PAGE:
"How far can we trust anyone? Even someone we’ve fallen in love with? Even… ourselves?
Heavenly Lilies is set in 1996, soon after the horrors of the Fred and Rose West case. Sheila is on the jury of a case that’s eerily similar. As they retire to consider their verdict, Sheila knows that because of her own sexual history, she can’t make that judgement. She walks out, and flees as far away as she can: to an island off the west coast of Ireland.
As she settles into this remote and beautiful place, she encounters Colin, who’s on the run from his own demons. They make love, and Sheila discovers another self, called Shelia.
But suspicion is everywhere. Guilt, too: how could she abandon those tortured children? And questions. The local priest is full of worldly wisdom, but how has he acquired it? Can Sheila trust his judgement about Colin? Will the police drag her back to the horror of the trial?
Then her son Jack arrives, an attractive 20-year-old. Guilelessly he makes play for Nuala, the damaged local girl who Sheila sees as a mermaid. But this is dangerous ground. Nuala’s mother and grandmother are competing for possession of her, and the island’s ancient politics threaten any outsider who disturbs it.
Jack and Nuala disappear, and the search for them forces out some truth about Sheila’s quest, Nuala’s story, and Colin’s reasons for coming to the island. When the police arrive, they don’t need to arrest Sheila: she’s ready to return. But can she still love Colin? If the answer is yes, can their love survive?"
This book was not at all what I thought it was going to be from reading the back of the book, which gives a lot less away than the above description which is taken from the publisher's website. I thought it was going to be more focused on being a jury member in a high profile case, but in reality that only features at the very beginning and is the catalyst for the remainder of the book.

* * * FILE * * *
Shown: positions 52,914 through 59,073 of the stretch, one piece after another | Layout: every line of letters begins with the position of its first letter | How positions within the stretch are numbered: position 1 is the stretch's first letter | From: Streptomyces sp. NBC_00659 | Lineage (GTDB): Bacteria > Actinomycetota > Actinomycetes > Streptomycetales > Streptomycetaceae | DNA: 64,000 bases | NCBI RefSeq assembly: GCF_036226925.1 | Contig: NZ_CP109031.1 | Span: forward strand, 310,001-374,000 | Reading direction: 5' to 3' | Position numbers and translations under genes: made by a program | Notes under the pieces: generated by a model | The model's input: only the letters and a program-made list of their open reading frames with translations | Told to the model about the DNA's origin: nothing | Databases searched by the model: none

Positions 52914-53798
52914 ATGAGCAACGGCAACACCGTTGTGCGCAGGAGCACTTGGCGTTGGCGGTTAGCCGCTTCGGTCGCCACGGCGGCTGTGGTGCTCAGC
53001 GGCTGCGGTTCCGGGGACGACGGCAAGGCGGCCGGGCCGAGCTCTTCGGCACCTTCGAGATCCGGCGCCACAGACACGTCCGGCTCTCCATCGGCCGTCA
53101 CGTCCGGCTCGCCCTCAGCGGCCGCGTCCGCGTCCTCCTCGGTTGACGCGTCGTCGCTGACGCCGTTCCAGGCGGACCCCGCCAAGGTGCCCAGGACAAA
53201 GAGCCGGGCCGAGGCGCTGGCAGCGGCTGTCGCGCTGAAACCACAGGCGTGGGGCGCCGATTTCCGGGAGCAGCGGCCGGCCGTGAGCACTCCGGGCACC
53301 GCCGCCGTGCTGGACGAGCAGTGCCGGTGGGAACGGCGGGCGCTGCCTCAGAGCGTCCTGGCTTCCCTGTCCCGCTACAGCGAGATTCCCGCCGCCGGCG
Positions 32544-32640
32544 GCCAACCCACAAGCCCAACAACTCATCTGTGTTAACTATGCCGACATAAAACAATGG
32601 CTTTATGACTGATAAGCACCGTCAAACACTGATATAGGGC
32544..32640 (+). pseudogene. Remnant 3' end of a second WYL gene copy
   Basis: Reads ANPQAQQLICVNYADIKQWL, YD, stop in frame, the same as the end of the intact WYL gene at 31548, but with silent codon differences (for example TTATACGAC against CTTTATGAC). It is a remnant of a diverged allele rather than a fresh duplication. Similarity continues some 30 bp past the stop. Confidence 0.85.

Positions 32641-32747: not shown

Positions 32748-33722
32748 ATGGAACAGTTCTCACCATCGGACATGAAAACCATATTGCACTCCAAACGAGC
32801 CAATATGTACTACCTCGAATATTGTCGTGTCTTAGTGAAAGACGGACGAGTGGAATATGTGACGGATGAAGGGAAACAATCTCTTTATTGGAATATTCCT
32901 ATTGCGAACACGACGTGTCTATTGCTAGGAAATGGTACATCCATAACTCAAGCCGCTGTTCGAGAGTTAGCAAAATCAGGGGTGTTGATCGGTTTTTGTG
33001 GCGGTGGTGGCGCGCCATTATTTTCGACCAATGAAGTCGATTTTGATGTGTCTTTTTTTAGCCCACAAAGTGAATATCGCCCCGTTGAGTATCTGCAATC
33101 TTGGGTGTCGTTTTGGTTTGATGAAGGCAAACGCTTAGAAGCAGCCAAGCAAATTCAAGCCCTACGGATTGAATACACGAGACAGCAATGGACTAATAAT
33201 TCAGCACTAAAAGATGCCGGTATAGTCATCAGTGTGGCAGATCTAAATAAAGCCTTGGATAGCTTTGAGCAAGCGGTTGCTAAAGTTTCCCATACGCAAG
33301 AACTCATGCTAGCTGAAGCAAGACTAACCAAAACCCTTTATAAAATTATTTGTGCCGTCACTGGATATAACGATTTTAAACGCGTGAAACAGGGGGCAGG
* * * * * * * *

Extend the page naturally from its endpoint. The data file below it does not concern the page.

This book reminded me of The Spinning Heart by Donal Ryan, which was long listed for the Booker Prize and won the Guardian First Book Award, but was a book that I simply could not get on with. Yes, you can tell from this blog that I do like "chick-lit" but, being a lawyer, I am perfectly capable of enjoying "intellectual reads". However, I found it hard to read Heavenly Lilies, and not only because of the subject matter. It is definitely not a book you should try and read whilst you are tired. It requires your full concentration, and despite the fact I did not love it, it deserves your full attention too because it is exceptionally well crafted.
The constant switching of perspectives is disconcerting and I sometimes found it difficult to work out whose perspective I was reading about. However, Alison Leonard has done a truly amazing job of weaving together all the threads to create a story that does work exceptionally well. It certainly is not a quick read and it requires your full patience and attention. From the other reviews on Amazon, it is clear that for people who do enjoy this type of book, this will be up there with the best.
Thank you to the publisher for a copy of this book in exchange for my honest review.